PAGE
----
The general bias of analysts going into the quarter appears negative, given consensus 2013 EPS forecasts that have fallen from over $11 a share to $10.25. If current analyst forecasts to hold true, Chipotle's annual EPS growth of 17% would be the lowest since the financial crisis. In the first quarter, Chipotle could surprise modestly to the downside, according to a recent report from Jefferies analyst Andy Barish, who rates the stock "underperform" with a $250 price target. Across the restaurants sector, investors generally have ignored a slowdown in customer traffic in 2013, according to Barish, who highlighted Chipotle as the company most at risk from an industry lull. In contrast, Barish sees other high growth, high valuation chains like Starbucks ( SBUX), Dunkin' Brands ( DNKN) and Panera Bread ( PNRA) as weathering a slow-growth environment. It gets worse, according to the logic of Einhorn's trade against Chipotle shares, given the expectations of pricing pressure and market share erosion he outlined in October. Not all of Einhorn's short trades have performed well recently, however, as bets against the likes of Moody's ( MCO), Green Mountain Coffee Roasters ( GMCR) and Martin Marietta ( MLM) continue to suffer from rising share prices. In fact Einhorn lost money shorting stocks in the fourth quarter of 2012, as companies Greenlight bet against rose an average of 10%, sharply outperforming a quarterly drop in the S&P 500. Greenlight Capital returned 7.9% for 2012 and fell 4.9% in the fourth quarter on short portfolio losses, underperforming the S&P. Einhorn continues to press a skeptical view of Green Mountain's accounting practices. The hedge funder said in October remarks at the Value Investor Congress that he believes ratings agency Moody's will lose investor lawsuits alleging fraud tied to pre-crisis bond ratings. He also recently disclosed a short trade against McGraw-Hill ( MHP), owner of Standard & Poor's, amid a Department of Justice fraud lawsuit. Expectations of slowing profits and declining margins at Chipotle, by contrast, appear relatively benign and they even mirror earnings trends at Einhorn's second largest long position, an over $500 million investment in Apple ( AAPL) shares. When outlining Greenlight's survey on Chipotle's brand and the fund's short trade, Einhorn told his audience to seek their own analysis. An April 4 survey from Goldman Sachs analyst Michael Kelter confirms some of the suggestions made by Einhorn in his presentations about Chipotle. "We believe Chipotle's 'cool factor' may be wearing off as our survey suggests lower conversion scores among younger age cohorts," wrote Kelter. Goldman Sachs' brand equity analysis put Chipotle far below Starbucks, Panera Bread and Subway, while a 63.8 index score was only marginally higher than down-market restaurants like McDonalds ( MCD) and Taco Bell. Still, Chipotle's earnings figures and financial performance may undercut intangible analysis such as brand equity and surveys on customer switching. In 2012, Chipotle reported a record 27% profit margin from its existing store base, indicating a continued premium on the company's Mexican food and rising earnings from recently opened stores. Meanwhile as Chipotle expanded its store count by nearly 50% since 2009, operating margins have grown from about 13% to 17%, according to a March investor presentation from chief financial officer Jack Hartung. Piper Jaffray analyst Nicole Miller Regan has highlighted the company's entrepreneurial management of employees and new growth initiatives, including international expansion and catering, as reasons Chipotle can continue to outperform. "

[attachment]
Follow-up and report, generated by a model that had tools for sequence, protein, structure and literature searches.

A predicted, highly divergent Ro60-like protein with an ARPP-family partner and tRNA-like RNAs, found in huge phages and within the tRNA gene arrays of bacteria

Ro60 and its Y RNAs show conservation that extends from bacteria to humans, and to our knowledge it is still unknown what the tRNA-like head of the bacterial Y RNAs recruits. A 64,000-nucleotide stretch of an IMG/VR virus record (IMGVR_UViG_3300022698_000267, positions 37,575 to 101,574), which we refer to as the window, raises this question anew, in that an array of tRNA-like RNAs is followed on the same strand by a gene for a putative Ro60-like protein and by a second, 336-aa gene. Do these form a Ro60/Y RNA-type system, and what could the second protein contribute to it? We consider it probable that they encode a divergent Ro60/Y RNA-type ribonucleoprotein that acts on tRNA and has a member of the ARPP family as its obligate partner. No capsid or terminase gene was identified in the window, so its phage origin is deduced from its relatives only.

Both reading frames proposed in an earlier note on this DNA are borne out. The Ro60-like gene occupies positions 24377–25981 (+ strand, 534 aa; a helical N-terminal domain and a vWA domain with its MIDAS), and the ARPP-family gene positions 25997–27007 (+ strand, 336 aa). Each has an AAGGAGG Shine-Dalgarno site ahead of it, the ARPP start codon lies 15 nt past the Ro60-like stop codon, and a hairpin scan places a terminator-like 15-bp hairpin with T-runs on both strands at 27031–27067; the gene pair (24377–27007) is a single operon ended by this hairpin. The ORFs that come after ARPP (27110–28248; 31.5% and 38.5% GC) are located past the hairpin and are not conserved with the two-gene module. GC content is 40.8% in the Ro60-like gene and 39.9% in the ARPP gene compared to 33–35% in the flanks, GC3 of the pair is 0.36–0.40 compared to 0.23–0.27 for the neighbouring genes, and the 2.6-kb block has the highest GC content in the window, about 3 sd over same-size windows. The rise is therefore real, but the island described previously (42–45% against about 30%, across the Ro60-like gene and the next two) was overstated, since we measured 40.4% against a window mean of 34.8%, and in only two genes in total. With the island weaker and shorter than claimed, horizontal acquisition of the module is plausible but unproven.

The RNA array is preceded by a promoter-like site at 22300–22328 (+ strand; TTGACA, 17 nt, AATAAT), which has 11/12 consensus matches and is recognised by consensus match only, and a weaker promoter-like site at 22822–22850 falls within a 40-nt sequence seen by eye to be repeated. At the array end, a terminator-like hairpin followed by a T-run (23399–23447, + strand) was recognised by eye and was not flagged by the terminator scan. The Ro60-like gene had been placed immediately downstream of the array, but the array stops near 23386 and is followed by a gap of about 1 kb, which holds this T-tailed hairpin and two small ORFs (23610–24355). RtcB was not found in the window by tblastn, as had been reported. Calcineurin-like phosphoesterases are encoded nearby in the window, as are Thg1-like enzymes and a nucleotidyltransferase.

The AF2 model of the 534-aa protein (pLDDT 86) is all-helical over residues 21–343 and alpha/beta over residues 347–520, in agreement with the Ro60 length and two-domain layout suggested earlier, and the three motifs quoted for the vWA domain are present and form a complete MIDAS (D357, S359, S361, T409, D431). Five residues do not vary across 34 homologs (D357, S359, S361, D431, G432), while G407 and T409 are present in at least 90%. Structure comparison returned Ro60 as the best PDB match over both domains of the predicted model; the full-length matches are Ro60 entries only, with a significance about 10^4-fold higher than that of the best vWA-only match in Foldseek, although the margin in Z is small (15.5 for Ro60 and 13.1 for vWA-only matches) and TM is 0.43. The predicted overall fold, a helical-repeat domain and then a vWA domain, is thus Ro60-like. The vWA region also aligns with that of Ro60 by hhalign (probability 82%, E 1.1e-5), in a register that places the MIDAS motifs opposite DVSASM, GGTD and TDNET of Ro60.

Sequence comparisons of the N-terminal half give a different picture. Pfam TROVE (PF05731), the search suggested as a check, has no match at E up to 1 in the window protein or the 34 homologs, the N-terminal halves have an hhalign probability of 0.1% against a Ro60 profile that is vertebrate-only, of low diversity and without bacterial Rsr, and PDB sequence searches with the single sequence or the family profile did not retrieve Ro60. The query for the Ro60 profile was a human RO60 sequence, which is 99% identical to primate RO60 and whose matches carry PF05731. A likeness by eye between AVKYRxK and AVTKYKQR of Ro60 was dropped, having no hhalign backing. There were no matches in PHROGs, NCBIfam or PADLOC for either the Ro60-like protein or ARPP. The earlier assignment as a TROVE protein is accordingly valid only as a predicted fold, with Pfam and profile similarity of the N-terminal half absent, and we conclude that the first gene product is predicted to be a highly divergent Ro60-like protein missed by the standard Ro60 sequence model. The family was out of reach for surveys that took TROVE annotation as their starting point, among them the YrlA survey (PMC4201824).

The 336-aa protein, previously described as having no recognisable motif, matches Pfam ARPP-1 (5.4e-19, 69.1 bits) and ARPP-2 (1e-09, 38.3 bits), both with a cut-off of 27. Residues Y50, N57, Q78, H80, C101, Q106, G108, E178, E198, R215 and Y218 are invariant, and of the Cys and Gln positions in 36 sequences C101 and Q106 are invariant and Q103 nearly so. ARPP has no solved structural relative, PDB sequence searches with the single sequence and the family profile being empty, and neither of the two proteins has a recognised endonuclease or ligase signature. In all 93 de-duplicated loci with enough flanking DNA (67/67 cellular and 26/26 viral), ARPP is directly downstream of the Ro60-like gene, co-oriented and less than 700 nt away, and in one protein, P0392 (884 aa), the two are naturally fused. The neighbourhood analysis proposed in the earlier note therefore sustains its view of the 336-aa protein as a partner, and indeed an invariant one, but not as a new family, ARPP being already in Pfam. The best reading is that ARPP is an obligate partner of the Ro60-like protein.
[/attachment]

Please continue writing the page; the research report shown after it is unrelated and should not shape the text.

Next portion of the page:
We remain confident in the company's global growth profile and industry-leading approach to both managing and growing its human capital," wrote Regan in March 27 report that increased forecasts of comparable store growth and 2013 EPS estimates. Ultimately, earnings and guidance will provide insight as to whether Chipotle's growth slowdown is bottoming or whether it is accelerating. Bottom Line: Going into the first quarter, estimates for Chipotle's earnings have fallen. Either ordinary investors or David Einhorn aren't paying attention. Greenlight Capital through a spokesperson at Sard Verbinnen declined to comment on whether the fund has changed its trade against Chipotle since Einhorn's Oct. 2 presentation. Follow @agara2004 -- Written by Antoine Gara in New York